IEC 2012 Wrap up Show

Join us as we look back at the 50th International Eucharistic Congress in Dublin, Ireland. And we take you behind the scenes of an amazing week. Special features on the Irish High Crosses, Jerpoint Abbey, “Through the Eyes of the Apostles” exhibit, Liturgies, Catechists, Speakers and all the major events of the congress.

IEC 2012: Cardinal Ouellet’s homily at the Statio Orbis

Dear brothers and sisters,

The fiftieth occurrence of the International Eucharistic Congress is now coming to a close. We are deeply grateful to God for the light of His Word and for the gift of the Holy Eucharist, which strengthen our communion with Christ and with one another.

At the end of this celebration we will listen to the message of Pope Benedict XVI. His speaking to us reminds us that this International Eucharistic Congress bears witness to the Catholic Church as the universal communion of many particular Churches. The Bishops, priests, religious and lay faithful here represent the Catholic Church which is found throughout the world in thousands of communities, but which is one in faith and love of Jesus Christ. I greet the ecumenical representatives and I thank you all for being part of this grace-filled event.

I greet the President of Ireland, and all the civil authorities, fondly aware of the noble tradition of this courageous nation. I thank wholeheartedly Archbishop Martin, Cardinal Brady and all the collaborators of this event for the gift of their warm hospitality and for the example of their strong dedication to Christian renewal in this country.

In order to prepare ourselves to listen to the Holy Father’s message, let us briefly reflect on today’s readings, which bring us a message of great hope and confidence.

Through the prophet Ezekiel the Lord says, “From the top of the cedar, from the highest branch I will take a shoot and plant it myself on a very high mountain. I will plant it on the high mountain of Israel. It will sprout branches and bear fruit, and become a noble cedar” (Ez. 17:22-23).

In the Gospel, Jesus uses a similar image to speak about the Kingdom of God: “[The kingdom] is like a mustard seed which at the time of its sowing in the soil is the smallest of all the seeds on earth; yet once it is sown it grows into the biggest shrub of them all and puts out big branches so that the birds of the air can shelter in its shade” (Mk. 4:31-32).

We understand the prophecy of Ezekiel in the light of Christ. Jesus Christ is the shoot taken from the highest branch, he is God from God, and planted by God himself on a very high mountain, which is Calvary.

God the Father has planted on Calvary the seed of the Cross out of love for his creation and for all sinners. The seed of the Cross is the Sacred Heart of His only begotten Son, pierced to death by our sins, but raised up from death by the power of divine mercy. Therefore Christ Jesus is the Lamb of God who takes away the sins of the world. He is the Holy Redeemer in whom we trust and find salvation. The seed of Christ’s love, buried in the ground of Calvary, produced an unimaginable fruit: a tree, the Tree of Life, a noble cedar which is the Holy Church of God, the dawn of the Kingdom. We believe in the one, holy, Catholic and apostolic Church, because we believe in Christ who wills the Church to be His body, born from the self-gift of His Eucharistic Body.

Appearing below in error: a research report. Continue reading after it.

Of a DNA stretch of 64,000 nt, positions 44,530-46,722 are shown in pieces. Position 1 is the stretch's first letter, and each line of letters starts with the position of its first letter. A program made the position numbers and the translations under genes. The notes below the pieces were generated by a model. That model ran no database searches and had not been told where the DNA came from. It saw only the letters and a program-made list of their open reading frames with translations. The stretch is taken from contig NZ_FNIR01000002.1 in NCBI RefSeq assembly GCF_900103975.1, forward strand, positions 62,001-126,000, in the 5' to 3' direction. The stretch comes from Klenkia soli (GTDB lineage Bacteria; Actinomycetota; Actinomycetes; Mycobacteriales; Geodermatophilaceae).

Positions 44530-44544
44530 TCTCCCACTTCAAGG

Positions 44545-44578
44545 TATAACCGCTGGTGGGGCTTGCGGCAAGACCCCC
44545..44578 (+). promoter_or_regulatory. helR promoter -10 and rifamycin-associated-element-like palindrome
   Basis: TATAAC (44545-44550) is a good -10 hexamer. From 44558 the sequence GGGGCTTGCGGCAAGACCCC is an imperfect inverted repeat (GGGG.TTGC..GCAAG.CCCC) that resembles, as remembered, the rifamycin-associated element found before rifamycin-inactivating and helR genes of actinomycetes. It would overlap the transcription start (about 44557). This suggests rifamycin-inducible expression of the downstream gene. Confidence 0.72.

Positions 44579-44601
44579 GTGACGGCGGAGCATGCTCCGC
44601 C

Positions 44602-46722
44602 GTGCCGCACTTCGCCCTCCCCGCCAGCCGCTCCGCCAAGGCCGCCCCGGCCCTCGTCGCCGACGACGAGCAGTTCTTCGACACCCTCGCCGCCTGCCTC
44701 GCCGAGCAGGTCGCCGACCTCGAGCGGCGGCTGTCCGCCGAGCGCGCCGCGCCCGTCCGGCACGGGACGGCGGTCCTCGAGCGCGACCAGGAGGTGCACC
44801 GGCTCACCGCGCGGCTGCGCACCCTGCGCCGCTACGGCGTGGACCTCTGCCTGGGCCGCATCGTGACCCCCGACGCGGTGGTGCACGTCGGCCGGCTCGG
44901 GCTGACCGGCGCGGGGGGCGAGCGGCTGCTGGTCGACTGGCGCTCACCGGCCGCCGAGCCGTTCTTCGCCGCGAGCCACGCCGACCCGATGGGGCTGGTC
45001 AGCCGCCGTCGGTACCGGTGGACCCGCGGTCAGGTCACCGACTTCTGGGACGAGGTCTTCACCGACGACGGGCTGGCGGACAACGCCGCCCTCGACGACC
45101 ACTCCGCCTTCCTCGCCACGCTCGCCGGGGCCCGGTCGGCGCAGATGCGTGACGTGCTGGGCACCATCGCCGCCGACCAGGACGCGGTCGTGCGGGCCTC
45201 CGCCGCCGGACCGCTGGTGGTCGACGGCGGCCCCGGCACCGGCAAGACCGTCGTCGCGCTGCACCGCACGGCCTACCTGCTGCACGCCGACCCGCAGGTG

Dear brothers and sisters, let us rejoice and be full of confidence. “We are full of confidence” (2 Cor. 5:6), as St. Paul says to the Corinthians. We are so because the risen Lord is our home and our safety. We do experience limitations and failures in the Church, but the Lord sustains us, healing our wounds and strengthening our love. Let us rejoice in Him and be glad!

We can rely on the Lord for a new beginning. St. Paul gives us the key for any personal or ecclesial renewal: “We are intent on pleasing Him” (2 Cor. 5:6). This key to renewal in our lives is a decision to recommit ourselves to love the Lord and to live and to die for Him, knowing that His grace will never fail. May the upcoming Year of Faith strengthen in us this decision!

Jesus is the seed sowed by God Himself in the depths of the earth, a seed that fell to the earth, died and was raised to eternal life. From this smallest seed of salvation comes the Tree of Life, the Church, in which all of humanity is called to find a home and safety in the company of the risen Lord.

For this very reason, the Church is called, and we are called, to bear witness to the Lord by pleasing Him, that is, preaching the Gospel, living in fraternity and praising God for the gift of salvation.

After this week of Eucharistic reflection, celebration and adoration, we are certainly more aware of God’s call to communion with Him and with one another.

Let us bear witness to this grace by calling others to faith in this communion. The Irish bell, which resounds from Lough Derg, from Knock and Dublin, must resound in the whole world. Let’s ring the bell further through our personal testimony of renewed faith in the Holy Eucharist.

Faith is the most precious gift we have received with Baptism. Let’s not keep it private and fearful! Let it grow as a splendid tree through sharing everywhere!